From a young age, Carol Loeb wanted to become a teacher. Passionate educators enriched her experiences at school and at home. But it was in a junior high school math class that she experienced what she calls her aha moment. “My teacher was an imposing figure, but I realized she was incredible,” Mrs. Loeb says. “I wanted to be able to share my excitement about the subject like she did.”
Now more than five decades into a career as an educator, Mrs. Loeb’s enthusiasm for the profession is unchanged. She taught middle school and high school math for many years before becoming an SAT and ACT instructor at John Burroughs School and Mary Institute and Saint Louis Country Day School. She and her late husband, Jerome, MA ’64, former chairman of the May Department Stores Co., also put education at the forefront of their philanthropy. Through gifts made together and after Mr. Loeb’s death in 2004, the couple has provided significant resources to enhance teaching and learning across Washington University.
Most recently, Mrs. Loeb made a $2 million commitment to endow the Carol B. and
Jerome T. Loeb Professorship in Medical Education. Eva Aagaard, MD, senior associate dean for education and professor of medicine at the School of Medicine, was installed as the inaugural holder of the professorship in June. Known for her leadership in physician education, Dr. Aagaard came to Washington University in 2017 from the University of Colorado, where she was associate dean for educational strategy. She is spearheading efforts to review and revise the School of Medicine’s curriculum.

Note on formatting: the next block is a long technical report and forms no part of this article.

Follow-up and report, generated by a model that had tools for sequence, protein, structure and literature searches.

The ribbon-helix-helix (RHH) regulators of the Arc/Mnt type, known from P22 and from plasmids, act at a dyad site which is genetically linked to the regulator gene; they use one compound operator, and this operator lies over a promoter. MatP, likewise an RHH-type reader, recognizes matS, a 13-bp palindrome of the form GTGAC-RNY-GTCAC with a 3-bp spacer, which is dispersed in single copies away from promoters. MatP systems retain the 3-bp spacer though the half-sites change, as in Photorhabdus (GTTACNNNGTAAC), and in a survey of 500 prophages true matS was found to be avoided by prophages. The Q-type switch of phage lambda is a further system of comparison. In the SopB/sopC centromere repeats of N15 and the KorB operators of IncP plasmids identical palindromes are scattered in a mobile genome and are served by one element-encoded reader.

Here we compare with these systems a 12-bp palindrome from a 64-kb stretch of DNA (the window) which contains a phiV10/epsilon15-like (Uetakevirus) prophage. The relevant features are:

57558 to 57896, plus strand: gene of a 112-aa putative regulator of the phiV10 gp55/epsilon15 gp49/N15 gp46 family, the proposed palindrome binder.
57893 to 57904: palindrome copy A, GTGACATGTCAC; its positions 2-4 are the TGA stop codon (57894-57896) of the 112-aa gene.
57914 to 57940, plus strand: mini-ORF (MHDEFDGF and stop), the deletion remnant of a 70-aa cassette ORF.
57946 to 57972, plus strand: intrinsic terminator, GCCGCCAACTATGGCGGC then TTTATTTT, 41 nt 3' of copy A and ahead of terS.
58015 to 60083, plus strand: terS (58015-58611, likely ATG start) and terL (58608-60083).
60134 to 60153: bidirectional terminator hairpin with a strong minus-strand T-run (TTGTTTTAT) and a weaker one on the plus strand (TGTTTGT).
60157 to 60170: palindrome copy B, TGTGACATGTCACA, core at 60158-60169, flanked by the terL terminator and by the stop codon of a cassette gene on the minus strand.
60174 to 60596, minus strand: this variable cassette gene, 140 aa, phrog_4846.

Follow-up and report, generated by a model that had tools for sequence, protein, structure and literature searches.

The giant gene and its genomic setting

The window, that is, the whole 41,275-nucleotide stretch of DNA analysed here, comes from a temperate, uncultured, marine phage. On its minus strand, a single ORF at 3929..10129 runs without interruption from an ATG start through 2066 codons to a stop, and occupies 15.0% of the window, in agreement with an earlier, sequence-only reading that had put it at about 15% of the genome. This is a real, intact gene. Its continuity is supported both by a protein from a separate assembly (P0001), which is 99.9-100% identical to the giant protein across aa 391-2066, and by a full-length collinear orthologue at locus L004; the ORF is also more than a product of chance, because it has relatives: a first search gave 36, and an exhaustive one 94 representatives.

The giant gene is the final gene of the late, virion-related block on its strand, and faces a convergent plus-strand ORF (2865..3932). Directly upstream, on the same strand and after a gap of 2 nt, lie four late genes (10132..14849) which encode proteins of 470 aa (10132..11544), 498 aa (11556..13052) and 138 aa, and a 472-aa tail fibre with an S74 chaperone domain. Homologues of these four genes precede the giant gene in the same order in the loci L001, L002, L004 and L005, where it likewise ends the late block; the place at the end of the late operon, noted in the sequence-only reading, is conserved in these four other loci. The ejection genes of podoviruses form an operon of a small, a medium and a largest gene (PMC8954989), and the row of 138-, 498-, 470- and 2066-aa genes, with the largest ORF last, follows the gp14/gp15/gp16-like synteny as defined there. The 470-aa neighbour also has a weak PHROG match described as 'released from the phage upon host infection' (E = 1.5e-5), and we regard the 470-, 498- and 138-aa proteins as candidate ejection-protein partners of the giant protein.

“The impact of this gift is profound and timely,” says David H. Perlmutter, executive vice chancellor for medical affairs and the George and Carol Bauer Dean of the School of Medicine. “The world of health care and biomedicine is advancing rapidly, and Dr. Aagaard’s tremendous efforts in curriculum renewal will ensure that the newest and most innovative ideas influence how we mold physicians of the future.”
The Loebs made their first gift to Washington University in 1965, a year after Mr. Loeb received his master’s degree in math from the university. In 2001, they endowed the Carol B. and Jerome T. Loeb Colloquium in the Department of Mathematics and Statistics.
Their focus shifted to the medical school a year later, when they established the Carol B. and Jerome T. Loeb Teaching Fellows Program. They endowed a professorship in the Department of Medicine in 2004. Mrs. Loeb established a second professorship in the Department of Orthopaedic Surgery in 2009, and she has served on the School of Medicine National Council since 2010.
Mrs. Loeb says the couple’s dedication to the School of Medicine reflects their appreciation for the physicians who delivered exceptional care to their family over the years, including their daughter, Kelly, who required extensive treatment after she was born prematurely in 1968. “We wanted to ensure that medical students were trained to provide the same level of expertise and compassion that we received when Kelly was a patient.”
Her passion for teaching and education make Mrs. Loeb an exceptional role model for medical school faculty members, Dr. Aagaard says. “I will endeavor to live up to the example she sets through my work as an educational leader and teacher.”